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Modelling the effect of catena position and hydrology on soil chemical weathering
Soil  (IF5.841),  Pub Date : 2021-08-17, DOI: 10.5194/soil-2021-78
Vanesa García-Gamero, Tom Vanwalleghem, Adolfo Peña, Andrea Román-Sánchez, Peter A. Finke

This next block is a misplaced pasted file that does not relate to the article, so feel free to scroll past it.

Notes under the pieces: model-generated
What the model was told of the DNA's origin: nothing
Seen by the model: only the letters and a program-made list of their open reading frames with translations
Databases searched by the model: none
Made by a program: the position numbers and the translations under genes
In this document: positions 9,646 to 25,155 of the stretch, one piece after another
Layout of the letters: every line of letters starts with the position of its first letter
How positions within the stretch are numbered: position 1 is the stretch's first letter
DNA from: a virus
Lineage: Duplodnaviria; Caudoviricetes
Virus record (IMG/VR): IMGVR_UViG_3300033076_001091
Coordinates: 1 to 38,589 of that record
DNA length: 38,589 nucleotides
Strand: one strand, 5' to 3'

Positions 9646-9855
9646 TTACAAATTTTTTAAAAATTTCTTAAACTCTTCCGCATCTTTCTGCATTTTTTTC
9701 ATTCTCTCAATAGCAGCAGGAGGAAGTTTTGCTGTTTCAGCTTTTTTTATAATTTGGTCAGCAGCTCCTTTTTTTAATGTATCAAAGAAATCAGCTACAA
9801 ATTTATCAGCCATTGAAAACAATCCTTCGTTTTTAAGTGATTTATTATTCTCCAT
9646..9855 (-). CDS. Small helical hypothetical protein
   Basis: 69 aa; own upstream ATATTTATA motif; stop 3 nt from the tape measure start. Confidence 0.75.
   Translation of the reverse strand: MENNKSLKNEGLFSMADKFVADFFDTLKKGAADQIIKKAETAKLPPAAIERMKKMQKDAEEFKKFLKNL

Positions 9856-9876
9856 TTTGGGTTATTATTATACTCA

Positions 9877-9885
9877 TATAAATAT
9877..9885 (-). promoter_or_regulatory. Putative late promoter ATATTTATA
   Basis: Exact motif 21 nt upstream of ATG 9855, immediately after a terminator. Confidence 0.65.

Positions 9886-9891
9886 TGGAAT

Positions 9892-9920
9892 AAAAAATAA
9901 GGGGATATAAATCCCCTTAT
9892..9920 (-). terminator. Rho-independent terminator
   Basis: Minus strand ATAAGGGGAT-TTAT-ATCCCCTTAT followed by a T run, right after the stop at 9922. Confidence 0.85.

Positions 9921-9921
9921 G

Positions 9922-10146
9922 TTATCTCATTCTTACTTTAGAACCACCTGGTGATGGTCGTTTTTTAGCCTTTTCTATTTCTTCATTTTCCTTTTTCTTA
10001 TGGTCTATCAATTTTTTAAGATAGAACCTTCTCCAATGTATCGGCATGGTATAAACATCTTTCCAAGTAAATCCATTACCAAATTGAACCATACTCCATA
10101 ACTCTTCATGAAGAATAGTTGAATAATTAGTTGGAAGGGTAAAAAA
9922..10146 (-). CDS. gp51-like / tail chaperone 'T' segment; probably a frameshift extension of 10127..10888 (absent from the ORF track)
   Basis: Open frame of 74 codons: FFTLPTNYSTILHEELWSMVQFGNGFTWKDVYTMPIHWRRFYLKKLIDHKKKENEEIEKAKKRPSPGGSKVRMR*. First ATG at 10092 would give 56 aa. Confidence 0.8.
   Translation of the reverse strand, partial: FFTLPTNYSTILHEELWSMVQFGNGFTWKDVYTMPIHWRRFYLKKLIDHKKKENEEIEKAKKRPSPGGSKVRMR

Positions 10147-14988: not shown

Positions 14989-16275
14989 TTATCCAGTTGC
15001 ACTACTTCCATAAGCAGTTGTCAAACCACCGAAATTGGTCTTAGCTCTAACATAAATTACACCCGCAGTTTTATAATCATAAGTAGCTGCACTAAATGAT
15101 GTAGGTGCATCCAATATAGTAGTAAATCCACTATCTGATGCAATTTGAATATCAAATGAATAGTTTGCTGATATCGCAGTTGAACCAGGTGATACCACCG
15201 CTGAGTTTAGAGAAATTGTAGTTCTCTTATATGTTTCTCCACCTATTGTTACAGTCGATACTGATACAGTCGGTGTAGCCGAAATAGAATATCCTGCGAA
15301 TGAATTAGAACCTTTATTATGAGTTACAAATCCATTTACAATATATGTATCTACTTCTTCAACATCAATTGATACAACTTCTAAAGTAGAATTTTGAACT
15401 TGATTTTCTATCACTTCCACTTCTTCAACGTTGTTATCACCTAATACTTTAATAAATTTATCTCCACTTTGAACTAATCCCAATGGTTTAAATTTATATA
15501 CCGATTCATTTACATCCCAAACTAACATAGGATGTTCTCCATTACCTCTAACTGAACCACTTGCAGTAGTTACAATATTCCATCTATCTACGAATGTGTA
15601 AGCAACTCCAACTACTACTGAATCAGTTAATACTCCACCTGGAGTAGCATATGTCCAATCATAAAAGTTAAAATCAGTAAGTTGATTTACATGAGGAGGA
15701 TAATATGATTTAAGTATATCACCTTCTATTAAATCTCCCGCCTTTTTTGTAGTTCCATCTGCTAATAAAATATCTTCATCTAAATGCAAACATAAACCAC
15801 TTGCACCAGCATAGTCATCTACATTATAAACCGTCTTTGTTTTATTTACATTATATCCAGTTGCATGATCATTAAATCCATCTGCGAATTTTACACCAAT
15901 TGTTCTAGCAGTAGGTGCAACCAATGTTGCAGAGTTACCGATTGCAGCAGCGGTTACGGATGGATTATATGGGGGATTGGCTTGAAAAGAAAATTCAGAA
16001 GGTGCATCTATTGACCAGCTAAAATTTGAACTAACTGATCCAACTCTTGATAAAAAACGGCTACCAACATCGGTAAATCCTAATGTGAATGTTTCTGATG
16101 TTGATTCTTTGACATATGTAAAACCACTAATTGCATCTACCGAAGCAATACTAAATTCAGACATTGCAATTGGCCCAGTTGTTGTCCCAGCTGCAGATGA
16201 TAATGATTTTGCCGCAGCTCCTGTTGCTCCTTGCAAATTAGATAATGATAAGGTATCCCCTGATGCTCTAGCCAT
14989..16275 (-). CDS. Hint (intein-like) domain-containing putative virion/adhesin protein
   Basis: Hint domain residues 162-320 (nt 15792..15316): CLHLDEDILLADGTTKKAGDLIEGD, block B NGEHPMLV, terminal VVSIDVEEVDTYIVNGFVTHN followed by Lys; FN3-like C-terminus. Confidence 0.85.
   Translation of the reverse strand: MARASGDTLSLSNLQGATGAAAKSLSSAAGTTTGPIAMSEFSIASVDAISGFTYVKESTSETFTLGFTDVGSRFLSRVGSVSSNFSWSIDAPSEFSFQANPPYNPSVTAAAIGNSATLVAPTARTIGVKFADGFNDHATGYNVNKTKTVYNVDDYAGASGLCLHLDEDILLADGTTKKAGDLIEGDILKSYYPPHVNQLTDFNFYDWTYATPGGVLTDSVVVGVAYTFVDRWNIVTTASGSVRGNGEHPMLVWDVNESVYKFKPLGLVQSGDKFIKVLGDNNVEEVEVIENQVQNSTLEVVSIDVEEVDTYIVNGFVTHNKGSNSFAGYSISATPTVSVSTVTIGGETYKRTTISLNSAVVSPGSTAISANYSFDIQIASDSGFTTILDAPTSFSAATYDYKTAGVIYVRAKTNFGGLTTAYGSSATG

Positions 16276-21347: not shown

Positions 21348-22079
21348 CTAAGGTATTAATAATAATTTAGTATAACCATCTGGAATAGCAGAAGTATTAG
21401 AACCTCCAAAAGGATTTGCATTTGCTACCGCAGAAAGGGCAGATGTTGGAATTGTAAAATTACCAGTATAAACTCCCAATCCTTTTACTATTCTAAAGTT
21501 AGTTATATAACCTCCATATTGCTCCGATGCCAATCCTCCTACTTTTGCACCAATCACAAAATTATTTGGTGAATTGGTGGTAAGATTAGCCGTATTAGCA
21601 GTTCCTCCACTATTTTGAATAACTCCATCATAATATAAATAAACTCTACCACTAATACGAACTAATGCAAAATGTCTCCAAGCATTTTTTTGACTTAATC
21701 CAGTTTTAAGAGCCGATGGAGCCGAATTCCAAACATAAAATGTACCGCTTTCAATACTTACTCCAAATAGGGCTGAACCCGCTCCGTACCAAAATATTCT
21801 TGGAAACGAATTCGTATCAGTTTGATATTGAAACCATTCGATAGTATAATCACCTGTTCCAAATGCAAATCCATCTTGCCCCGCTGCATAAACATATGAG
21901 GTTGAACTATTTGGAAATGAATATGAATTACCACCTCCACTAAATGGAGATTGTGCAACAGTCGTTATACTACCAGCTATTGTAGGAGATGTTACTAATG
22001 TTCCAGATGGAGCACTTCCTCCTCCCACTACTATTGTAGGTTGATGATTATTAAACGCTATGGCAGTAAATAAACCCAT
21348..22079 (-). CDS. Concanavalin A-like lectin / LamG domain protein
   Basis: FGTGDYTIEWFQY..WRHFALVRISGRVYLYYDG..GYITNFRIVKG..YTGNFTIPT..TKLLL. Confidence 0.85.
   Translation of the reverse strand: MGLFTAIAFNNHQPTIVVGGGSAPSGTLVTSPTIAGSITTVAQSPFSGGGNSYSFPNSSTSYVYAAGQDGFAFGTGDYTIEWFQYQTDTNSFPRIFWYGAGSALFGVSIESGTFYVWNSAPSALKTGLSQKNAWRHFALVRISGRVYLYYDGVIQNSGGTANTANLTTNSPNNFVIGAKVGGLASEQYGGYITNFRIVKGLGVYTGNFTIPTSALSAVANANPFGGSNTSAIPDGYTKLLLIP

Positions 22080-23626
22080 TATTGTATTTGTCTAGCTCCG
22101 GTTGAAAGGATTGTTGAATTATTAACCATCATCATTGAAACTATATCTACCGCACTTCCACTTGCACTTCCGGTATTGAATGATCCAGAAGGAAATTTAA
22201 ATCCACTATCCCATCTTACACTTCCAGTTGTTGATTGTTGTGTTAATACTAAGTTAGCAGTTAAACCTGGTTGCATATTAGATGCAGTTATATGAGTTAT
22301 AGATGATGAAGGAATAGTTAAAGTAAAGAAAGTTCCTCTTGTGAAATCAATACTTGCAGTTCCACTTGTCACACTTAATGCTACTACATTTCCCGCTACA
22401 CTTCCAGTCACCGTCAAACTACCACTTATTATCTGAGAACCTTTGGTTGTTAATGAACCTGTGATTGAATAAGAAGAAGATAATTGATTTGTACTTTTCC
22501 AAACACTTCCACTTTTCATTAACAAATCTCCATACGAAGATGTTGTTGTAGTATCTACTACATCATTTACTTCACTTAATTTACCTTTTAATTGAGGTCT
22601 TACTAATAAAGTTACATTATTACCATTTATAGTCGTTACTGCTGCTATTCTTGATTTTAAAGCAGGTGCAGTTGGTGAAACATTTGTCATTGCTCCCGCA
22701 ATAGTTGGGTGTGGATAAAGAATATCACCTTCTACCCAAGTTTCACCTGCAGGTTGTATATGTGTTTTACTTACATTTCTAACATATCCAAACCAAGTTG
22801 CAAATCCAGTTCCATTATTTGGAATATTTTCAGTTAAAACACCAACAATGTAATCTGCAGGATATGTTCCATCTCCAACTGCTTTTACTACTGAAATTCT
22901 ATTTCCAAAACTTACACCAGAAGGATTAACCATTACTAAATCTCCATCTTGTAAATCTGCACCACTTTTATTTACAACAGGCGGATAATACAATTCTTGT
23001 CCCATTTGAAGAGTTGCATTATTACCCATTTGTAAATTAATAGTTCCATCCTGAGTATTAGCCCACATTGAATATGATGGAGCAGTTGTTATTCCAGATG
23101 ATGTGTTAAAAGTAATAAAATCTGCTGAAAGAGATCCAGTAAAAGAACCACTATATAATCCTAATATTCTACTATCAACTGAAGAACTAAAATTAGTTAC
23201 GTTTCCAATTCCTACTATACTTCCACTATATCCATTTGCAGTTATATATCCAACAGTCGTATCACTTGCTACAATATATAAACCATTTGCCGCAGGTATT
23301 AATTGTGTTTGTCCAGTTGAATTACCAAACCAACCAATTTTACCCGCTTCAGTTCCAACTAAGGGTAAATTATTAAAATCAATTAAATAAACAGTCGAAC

Abstract. The sensitivity of chemical weathering to climatic and erosional forcing is well established at regional scales. However, soil formation is known to vary strongly along catenas where topography, hydrology, and vegetation cause differences in soil properties and possibly chemical weathering. This study applies the SoilGen model to evaluate the link between topographic position and hydrology with the chemical weathering of soil profiles on a north-south catena in southern Spain. Pedogenesis was measured and simulated in seven selected locations over a 20000-year period. A good correspondence between simulated and measured chemical depletion fraction (CDF) was obtained (R2 = 0.47). An important variation in CDF values along the catena was observed, although the position along the catena alone, nor by the slope gradient, explained this variation well. However, the hydrological variables explained the observed trends better. A positive trend between CDF data and soil moisture and infiltration and a negative trend with water residence time was found. The model sensitivity was evaluated with a large precipitation gradient (200–1200 mm yr−1). While a marked depth gradient was obtained for CDF with precipitation up to 800 mm yr−1, a uniform depth distribution was obtained with precipitation above 800 mm yr−1. The basic pattern for the response of chemical weathering to precipitation is a unimodal curve, with a maximum around a mean annual precipitation value of 800 mm yr−1. Interestingly, this corroborates similar findings on the relation of other soil properties to precipitation and should be explored in further research.